A Thought From #BlackInAmerica

[Influencing this post – tonight’s CNN documentary – Black in America]

I watched Black In America for a lot of reasons tonight. First, much of the documentary was shot at SLA, focusing on the incredible work of the poets of PYPM and one of PYPM teacher / mentors, Vision. Whenever you get to see people you like and care about on television, doing amazing things, you watch. But the show was thoughtful and powerful and explored issues of racial identity and how that racial identity is defined. One of the stories they followed was the evolving sense of self of a young bi-racial woman, raised by her white father.

I’ve seen a lot of bi-racial students struggle with identity over the years, and much of it has been about the word “or.” “Am I black or am I white?” And, in so many ways, that’s an impossible question that forces kids to somehow deny some piece of their identity. It strikes me that American racial dynamics — largely defined by a dominant white culture — has been so oppositional for so long that we want these kids to choose a single identity, rather than embracing the complexity of what makes them who they are. It should not be as hard for a kid to say, “I am black and I am white” or “I am Afro-Latino” as our society makes it.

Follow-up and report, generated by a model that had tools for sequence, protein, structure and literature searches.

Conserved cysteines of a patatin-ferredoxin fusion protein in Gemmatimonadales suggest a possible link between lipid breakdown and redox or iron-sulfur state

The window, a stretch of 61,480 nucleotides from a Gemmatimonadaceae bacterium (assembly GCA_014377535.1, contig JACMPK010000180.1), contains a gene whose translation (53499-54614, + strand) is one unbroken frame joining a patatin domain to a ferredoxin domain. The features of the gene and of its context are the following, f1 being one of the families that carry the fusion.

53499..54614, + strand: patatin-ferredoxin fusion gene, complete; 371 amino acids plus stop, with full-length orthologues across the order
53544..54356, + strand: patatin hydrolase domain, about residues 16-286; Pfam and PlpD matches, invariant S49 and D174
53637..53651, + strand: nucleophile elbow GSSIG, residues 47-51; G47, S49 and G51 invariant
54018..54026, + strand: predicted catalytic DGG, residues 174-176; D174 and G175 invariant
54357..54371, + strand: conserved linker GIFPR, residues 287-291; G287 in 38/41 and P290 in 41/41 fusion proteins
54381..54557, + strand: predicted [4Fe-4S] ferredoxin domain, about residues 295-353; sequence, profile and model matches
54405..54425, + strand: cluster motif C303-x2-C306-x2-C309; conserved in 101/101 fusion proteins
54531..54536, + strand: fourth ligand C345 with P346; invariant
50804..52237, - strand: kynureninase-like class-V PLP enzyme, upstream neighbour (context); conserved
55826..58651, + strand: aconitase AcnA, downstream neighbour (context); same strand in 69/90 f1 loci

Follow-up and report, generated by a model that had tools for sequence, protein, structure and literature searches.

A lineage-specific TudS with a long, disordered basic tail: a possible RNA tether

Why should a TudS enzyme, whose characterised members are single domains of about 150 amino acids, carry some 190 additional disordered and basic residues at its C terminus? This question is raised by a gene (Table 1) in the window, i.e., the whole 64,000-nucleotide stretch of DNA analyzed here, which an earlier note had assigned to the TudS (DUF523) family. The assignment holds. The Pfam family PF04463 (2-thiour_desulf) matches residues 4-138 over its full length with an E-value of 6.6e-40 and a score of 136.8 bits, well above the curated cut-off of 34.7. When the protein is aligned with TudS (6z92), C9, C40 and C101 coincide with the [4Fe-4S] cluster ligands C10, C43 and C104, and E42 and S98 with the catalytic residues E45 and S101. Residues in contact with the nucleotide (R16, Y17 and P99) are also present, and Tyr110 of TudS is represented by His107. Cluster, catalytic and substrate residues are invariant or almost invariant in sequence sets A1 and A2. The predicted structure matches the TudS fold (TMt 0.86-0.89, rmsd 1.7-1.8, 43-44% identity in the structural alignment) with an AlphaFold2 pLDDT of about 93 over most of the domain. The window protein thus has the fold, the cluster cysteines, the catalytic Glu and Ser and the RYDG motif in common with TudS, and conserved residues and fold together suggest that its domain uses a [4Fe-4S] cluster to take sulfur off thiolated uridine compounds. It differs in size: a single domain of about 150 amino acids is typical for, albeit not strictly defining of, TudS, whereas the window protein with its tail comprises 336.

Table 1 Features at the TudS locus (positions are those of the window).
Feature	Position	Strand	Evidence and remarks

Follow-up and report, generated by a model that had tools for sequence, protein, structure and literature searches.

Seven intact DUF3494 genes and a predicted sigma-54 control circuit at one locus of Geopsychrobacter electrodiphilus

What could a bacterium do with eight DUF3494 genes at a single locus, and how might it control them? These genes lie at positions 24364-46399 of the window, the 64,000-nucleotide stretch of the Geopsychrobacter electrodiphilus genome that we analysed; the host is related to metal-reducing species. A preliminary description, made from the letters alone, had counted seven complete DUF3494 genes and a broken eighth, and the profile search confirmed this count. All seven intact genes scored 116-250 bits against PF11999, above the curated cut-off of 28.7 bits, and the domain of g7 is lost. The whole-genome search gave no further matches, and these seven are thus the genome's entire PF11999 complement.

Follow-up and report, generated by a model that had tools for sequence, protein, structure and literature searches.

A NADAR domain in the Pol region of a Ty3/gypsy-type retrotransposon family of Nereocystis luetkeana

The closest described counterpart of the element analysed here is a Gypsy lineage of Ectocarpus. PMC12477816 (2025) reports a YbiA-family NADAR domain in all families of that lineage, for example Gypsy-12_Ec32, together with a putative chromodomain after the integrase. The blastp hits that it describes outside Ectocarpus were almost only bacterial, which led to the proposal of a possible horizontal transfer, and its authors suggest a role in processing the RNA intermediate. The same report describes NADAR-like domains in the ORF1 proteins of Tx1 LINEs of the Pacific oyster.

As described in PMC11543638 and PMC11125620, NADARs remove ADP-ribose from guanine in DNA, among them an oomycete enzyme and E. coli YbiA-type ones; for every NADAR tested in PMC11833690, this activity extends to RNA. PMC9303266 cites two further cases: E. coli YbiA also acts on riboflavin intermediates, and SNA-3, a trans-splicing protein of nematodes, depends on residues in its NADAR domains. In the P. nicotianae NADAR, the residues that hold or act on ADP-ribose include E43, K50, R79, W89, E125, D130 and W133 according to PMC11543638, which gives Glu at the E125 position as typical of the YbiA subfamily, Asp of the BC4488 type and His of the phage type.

I watch the kids of SLA deal with issues of race and racial identity in ways that both seem familiar to the questions of twenty-five years ago when I was their age and also deeply unfamiliar. I see them engage with the issues of race with an openness and honesty that I would have been unable to do when I was their age. But I see so many of the same challenges and issues still around. And I still see too much pain as kids figure out the complexity of who they are in a world that still wants to put people into too many neat little boxes that rarely represent the complexity of their lives.

Thank you, CNN, for focusing on the amazing poets of PYPM, and thank you for the work you are doing with Black in America. With luck, it made a lot of people think tonight.

One thought on “A Thought From #BlackInAmerica

  1. Chris,
    I too was glued to the CNN program. (I appreciate Soledad O’Brien’s ongoing coverage of issues of race and class in America)

    Knowing some of the young people and knowing the struggles of racial identity made me reflect on how I learned to navigate the complexities of race and class in America. Sadly, the stuggles that our current crop of students are struggling with over race are not much different from the ones I experienced and observed when I was coming to age as a young adult.

    What is promising is that programs like PYPM give a space for young people explore who they through spoken word and performance.